expiry_date column in the message table, an
is_active column is not needed. Moreover, this column is not needed in the
message_recipient table because a message cannot be reverted directly once it is sent. However one can make it inactive by updating the
expiry_date for the message to a date in the past.
Replying to a Message
Now suppose the system allows users to respond to received messages. I extend the same table
message to cater this requirement instead of creating a new table for replies. I will add one column called
parent_message_id to establish a hierarchical relationship between messages. I will insert a new record for reply message, and update the
parent_message_id column for reply messages. This model supports n-level of hierarchical relationship, i.e. reply on reply message can also be tracked through this model.
Dashboard to View ‘Read %’ of Each Message
is_read flag is logged against each message-user record. The value for this flag remains ZERO until the message is read by the user. It will be updated to ONE as soon as the message is read by the user. Based on the column value, one can determine ‘read %’ for a message that is sent to a group.
Let me write a sample SQL to fetch such a report:
SELECT msg.subject, sent_to, msg.create_date, (summ / countt) * 100 AS Read_Per FROM (SELECT msg.subject, grp.name as sent_to, msg.create_date, SUM (is_read) AS summ, COUNT (is_read) AS countt FROM message_recipient msgrec, message msg, user_group ug, group grp WHERE msgrec.message_id = msg.id AND msgrec.recipient_group_id = ug.id AND ug.GROUP_ID = grp.id AND msgrec.recipient_group_id IS NOT NULL GROUP BY msg.subject, grp.name, msg.create_date UNION SELECT msg.subject, u.first_name || ' ' || u.last_name as sent_to, msg.create_date, SUM (is_read) AS summ, COUNT (is_read) AS countt FROM message_recipient msgrec, MESSAGE msg, user u WHERE msgrec.message_id = msg.id AND msgrec.recipient_id = u.id AND msgrec.recipient_group_id IS NULL GROUP BY msg.subject, name, msg.create_date);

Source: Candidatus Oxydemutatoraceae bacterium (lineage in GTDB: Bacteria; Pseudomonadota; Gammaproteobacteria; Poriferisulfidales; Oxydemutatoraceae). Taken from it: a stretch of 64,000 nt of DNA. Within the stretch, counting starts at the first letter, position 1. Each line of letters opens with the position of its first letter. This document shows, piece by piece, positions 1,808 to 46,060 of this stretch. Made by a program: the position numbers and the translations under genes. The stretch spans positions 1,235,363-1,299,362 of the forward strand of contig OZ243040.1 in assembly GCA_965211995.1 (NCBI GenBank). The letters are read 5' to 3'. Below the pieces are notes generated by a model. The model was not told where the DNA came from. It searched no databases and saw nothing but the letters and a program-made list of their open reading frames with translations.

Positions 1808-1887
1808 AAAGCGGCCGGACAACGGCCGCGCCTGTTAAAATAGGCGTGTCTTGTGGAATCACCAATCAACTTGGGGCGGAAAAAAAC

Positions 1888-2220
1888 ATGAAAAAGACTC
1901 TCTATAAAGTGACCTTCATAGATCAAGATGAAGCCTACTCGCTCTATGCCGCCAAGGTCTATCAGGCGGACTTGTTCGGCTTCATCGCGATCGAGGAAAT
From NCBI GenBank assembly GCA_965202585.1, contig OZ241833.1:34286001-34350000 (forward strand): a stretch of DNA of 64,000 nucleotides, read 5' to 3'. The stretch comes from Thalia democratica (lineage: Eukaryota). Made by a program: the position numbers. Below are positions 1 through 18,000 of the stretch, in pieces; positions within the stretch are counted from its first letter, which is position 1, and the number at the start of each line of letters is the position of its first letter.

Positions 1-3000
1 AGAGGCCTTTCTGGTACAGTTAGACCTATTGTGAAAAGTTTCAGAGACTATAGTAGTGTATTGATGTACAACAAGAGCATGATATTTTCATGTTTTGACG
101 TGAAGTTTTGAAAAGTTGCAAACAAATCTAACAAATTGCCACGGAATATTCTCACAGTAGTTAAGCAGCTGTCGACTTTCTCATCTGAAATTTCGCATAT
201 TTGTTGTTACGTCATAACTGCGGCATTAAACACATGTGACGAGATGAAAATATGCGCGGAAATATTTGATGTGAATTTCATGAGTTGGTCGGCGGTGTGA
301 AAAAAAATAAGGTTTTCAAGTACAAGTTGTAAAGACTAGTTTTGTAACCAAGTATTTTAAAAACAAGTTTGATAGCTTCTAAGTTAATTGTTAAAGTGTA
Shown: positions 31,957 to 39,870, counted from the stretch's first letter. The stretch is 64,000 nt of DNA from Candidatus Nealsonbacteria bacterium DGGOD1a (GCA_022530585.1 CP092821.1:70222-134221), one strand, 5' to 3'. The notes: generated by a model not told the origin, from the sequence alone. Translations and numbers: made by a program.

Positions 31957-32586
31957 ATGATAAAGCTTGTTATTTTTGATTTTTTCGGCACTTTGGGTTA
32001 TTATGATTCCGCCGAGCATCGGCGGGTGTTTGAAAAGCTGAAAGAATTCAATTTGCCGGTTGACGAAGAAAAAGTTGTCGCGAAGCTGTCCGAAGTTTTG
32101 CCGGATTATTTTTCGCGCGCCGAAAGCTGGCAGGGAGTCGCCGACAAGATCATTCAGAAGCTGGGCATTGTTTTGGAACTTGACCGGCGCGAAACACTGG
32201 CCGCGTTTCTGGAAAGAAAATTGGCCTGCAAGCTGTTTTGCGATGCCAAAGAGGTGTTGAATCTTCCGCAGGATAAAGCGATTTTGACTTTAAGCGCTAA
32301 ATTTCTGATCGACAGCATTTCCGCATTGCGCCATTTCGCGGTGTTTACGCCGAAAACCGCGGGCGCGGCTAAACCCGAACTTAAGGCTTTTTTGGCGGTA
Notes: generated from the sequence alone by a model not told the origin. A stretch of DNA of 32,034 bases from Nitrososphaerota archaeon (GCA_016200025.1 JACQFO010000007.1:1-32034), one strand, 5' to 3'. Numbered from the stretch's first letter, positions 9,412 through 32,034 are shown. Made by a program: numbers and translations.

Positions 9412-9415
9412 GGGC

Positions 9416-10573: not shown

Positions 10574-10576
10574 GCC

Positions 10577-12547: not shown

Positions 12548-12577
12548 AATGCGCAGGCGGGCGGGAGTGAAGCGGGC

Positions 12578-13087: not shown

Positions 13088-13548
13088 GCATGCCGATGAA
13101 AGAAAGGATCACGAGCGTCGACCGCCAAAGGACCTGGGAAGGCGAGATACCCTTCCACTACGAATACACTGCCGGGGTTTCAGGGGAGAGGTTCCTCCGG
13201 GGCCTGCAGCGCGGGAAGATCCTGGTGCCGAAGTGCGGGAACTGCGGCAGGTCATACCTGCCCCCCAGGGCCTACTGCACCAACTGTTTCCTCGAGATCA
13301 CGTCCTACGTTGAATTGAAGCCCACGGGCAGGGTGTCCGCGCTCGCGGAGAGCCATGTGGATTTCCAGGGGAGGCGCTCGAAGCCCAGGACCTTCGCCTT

|Subject||Sent to||Sent||Read %|
|Project delivery due on Tuesday||Project Delivery Team||9/13/2015 08:15||42%|
|Meet me on Monday||John D||9/10/2015 13:30||100%|
|Sync up dev environment with production||DBA team||9/9/2015 09:11||80%|
|Closing up NCRs of audit||NSS-team||9/9/2015 17:50||45%|
For a reminding functionality, I will add the following columns in the message table:
Is_reminder– This column flags whether or not a reminder is required for the message.
Reminder_frequency_id– This column signifies the frequency of the reminder. Should it be on daily basis or weekly basis?
Next_remind_date– This column holds the date when the next reminder needs to be sent. The reminder will be sent on the
next_remind_datefor the users for whom the ‘is_read’ flag is still ZERO. A new value for this column will be calculated every time a reminder is sent.
Expiry_date– This column is the cut-off date when reminders will no longer be sent to users.
Calculation of the
next_remind_date would be as follows – Suppose one message is sent to users on 9/14, Monday with 10/5 as an expiry date for it. The message is sent with a weekly frequency of reminders. In this case, reminders will be sent to users on 9/21 and 9/28 to respond to them on email, and one last time on 10/5 to urge them to respond in the next 24 hours.
Final Data Model
One of the best usages of this messaging system is to send notifications to users who have been inactive in the system for a long time. These notifications can be sent with a reminding mechanism enabled, and notifications will be sent to users until users respond to the notification. Users will be de-activated on and after the expiry date if no response to the notifications is received from them.
I intended to build a data model for a fully functional messaging system, which can be fit into a variety of systems to send messages/ notifications. Feel free to share your views/ inputs/ comments on the article.